Self Expression Magazine

Re: Dinner with a White Nationalist

Posted on the 17 August 2017 by Kimtsan @kimtsan0417

I just saw this video on Youtube. Here’s my response (originally a Facebook post, but I decided to post it here as well)

I don’t understand white nationalism either, and I under no circumstances will approve of such a viewpoint that endorses separation based on race.

But having that said, I dislike the fact that this video portrays this so-called “white nationalist” as an ignorant villain. He’s been invited to dinner, after all, and as uncomfortable as his views are to me, I feel that he should have been given a chance to speak without being constantly interrupted or “truth bombed”. To me it’s not about proving the other person wrong or who has the strongest of facts. It’s about recognizing each other as human beings, though sometimes with harmful and unreasonable perspectives. Not all “white nationalists” are psychopaths that want to hunt down people of color with a crossbow.

I understand what this video is trying to achieve. The Asian dude spoke of compassion. But I think compassion goes both ways. I do not stand for racism and will not tolerate it, but this white nationalist speaks of fear of the dispossession of white America. And fear is something that is fundamentally human. And I think I can sympathize with that fear, although most certainly not his views. People fear change. It feels like you are going to lose parts of yourself when there are changes underway.

I understand that. On a simpler and more personal level: when I first immigrated, I only wanted to hang out with Asian people because I was scared of racial discrimination and I was scared of being rejected by people of other races, especially white people. That was an act of fear. Yes, discrimination did and still does exist, but I grew up in BC Canada with a minimal experience of racism. Rarely I was made to feel “Asian and therefore didn’t belong”. I experienced none of that.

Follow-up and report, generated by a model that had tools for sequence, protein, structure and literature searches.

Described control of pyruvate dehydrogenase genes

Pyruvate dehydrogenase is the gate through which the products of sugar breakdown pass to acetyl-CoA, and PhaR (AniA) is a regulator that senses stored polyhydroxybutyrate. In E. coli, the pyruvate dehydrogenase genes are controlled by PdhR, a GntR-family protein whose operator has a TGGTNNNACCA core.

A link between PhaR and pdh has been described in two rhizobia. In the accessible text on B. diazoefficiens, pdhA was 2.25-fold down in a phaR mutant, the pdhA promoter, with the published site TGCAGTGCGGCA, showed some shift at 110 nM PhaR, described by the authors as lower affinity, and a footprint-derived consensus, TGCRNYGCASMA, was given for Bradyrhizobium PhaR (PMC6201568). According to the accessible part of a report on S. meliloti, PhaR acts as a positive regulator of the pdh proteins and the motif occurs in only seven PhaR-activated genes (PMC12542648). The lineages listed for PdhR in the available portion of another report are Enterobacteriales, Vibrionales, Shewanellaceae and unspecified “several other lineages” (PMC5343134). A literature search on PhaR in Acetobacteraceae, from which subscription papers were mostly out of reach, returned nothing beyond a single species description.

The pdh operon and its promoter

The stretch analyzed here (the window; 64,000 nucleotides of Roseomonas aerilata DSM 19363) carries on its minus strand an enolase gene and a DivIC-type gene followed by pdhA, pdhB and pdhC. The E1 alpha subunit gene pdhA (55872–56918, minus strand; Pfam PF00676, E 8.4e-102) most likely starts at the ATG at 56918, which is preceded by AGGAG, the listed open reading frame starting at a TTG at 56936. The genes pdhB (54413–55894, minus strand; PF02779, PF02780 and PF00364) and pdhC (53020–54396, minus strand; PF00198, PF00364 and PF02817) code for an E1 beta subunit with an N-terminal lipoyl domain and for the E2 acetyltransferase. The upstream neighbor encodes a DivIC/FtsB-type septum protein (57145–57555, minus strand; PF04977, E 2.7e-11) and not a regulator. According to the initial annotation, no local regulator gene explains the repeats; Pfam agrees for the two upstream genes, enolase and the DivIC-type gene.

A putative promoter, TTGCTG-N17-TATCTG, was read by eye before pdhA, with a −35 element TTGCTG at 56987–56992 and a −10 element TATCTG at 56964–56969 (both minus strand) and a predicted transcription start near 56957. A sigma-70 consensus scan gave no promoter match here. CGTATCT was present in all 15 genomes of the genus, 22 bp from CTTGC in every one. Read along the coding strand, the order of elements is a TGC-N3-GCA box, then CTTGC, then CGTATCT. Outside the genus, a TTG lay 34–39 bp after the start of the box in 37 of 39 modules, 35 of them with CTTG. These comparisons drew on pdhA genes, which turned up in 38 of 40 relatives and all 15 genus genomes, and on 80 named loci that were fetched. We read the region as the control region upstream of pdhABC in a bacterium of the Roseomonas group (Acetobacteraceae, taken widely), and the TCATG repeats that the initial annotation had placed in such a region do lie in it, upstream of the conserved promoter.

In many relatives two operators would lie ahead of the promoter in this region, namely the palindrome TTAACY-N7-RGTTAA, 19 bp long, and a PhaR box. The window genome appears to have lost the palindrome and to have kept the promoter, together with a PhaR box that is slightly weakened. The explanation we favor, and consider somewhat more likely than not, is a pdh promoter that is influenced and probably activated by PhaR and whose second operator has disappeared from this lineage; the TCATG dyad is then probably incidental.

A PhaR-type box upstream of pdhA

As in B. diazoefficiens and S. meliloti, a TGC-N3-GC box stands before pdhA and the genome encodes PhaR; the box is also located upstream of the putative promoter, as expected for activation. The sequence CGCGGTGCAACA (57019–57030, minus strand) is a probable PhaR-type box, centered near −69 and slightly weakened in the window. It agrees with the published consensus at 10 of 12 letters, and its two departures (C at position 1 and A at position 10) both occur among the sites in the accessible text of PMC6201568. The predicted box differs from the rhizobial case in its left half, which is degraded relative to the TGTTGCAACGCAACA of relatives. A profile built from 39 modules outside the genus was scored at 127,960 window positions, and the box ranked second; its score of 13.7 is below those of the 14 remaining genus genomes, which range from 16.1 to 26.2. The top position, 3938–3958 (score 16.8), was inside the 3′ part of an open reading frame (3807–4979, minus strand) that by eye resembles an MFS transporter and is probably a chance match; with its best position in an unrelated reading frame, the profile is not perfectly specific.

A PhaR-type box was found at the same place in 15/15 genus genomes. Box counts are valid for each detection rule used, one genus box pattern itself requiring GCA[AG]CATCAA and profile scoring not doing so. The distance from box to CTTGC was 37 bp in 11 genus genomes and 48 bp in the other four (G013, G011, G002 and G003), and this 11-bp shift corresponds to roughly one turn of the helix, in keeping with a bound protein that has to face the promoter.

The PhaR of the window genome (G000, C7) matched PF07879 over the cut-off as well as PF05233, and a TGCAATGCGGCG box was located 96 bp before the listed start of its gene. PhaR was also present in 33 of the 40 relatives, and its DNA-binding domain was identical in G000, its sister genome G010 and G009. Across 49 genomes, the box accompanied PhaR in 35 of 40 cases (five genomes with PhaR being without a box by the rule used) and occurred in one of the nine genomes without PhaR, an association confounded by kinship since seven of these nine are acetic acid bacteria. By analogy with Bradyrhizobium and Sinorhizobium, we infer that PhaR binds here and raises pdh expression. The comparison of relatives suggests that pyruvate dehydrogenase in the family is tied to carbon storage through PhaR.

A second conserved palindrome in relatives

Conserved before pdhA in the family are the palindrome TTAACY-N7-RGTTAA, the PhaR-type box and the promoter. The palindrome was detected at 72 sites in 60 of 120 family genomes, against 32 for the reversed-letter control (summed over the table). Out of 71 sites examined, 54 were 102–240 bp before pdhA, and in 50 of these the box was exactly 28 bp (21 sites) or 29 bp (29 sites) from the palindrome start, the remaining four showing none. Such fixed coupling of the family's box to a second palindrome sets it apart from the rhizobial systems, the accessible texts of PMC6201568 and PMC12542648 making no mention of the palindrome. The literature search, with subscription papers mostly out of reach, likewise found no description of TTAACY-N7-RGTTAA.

So for white folks, maybe that fear becomes reflected in their need to hold on to this…illusory “power” of being the majority. Which, again, I can sympathize with, but perhaps this struggle to secure power and position is rather misplaced.

If strength comes from numbers, then there is more of us together, whites, Asians, blacks–all of us together. If strength comes from familiarity, or sharing qualities or “iconic” features, of likes banding together and sticking together, then there is more of us together.

All of us came from our parents, or people who loved us. We swam in the ocean that was our mothers’ womb for nine and a half months. We were all children once, growing up with dreams, aspirations, bitterness and heartache. We all fall in love at some point in our lives. We all get sick. We’ve all wanted something bigger than ourselves. And we’ve all been afraid. There are days when we are better, and then there are days when are worse.

On the days when we are worse, that’s when we choose. We choose to be better by confronting our fears. We choose to be better by admitting that we are afraid. We choose to be better by recognizing that we are not dissimilar, and that we are human and we are made of the same stuff, and that we are driven by fear.

Yes, we are all afraid, but look at the progress we made. Look at how far we’ve come and we’ve barely started yet in the grand scheme of things. If we are all capable of fear together, then we must be capable of courage. Because if humanity is meant to hide and cower in a cave, we would have never made it past the Stone Age. If fear universal brings about the worst of us, then courage shall bring about the best of us. That’s what evolution is. This is a point in history where we choose to evolve. We evolve by changing with the people around us. We evolve by changing ourselves.

Yes, “we all have limitations. We all make mistakes. Which means―hey, glass half full!―we all have a lot in common. And the more we try to understand one another, the more exceptional each of us will be. But we have to try. So no matter what type of animal you are, from the biggest elephant to our first fox, I implore you:

Try. Try to make the world a better place.

Look inside yourself and recognize that change starts with you.

It starts with me. It starts with all of us.”

Yeah I just quoted Zootopia.


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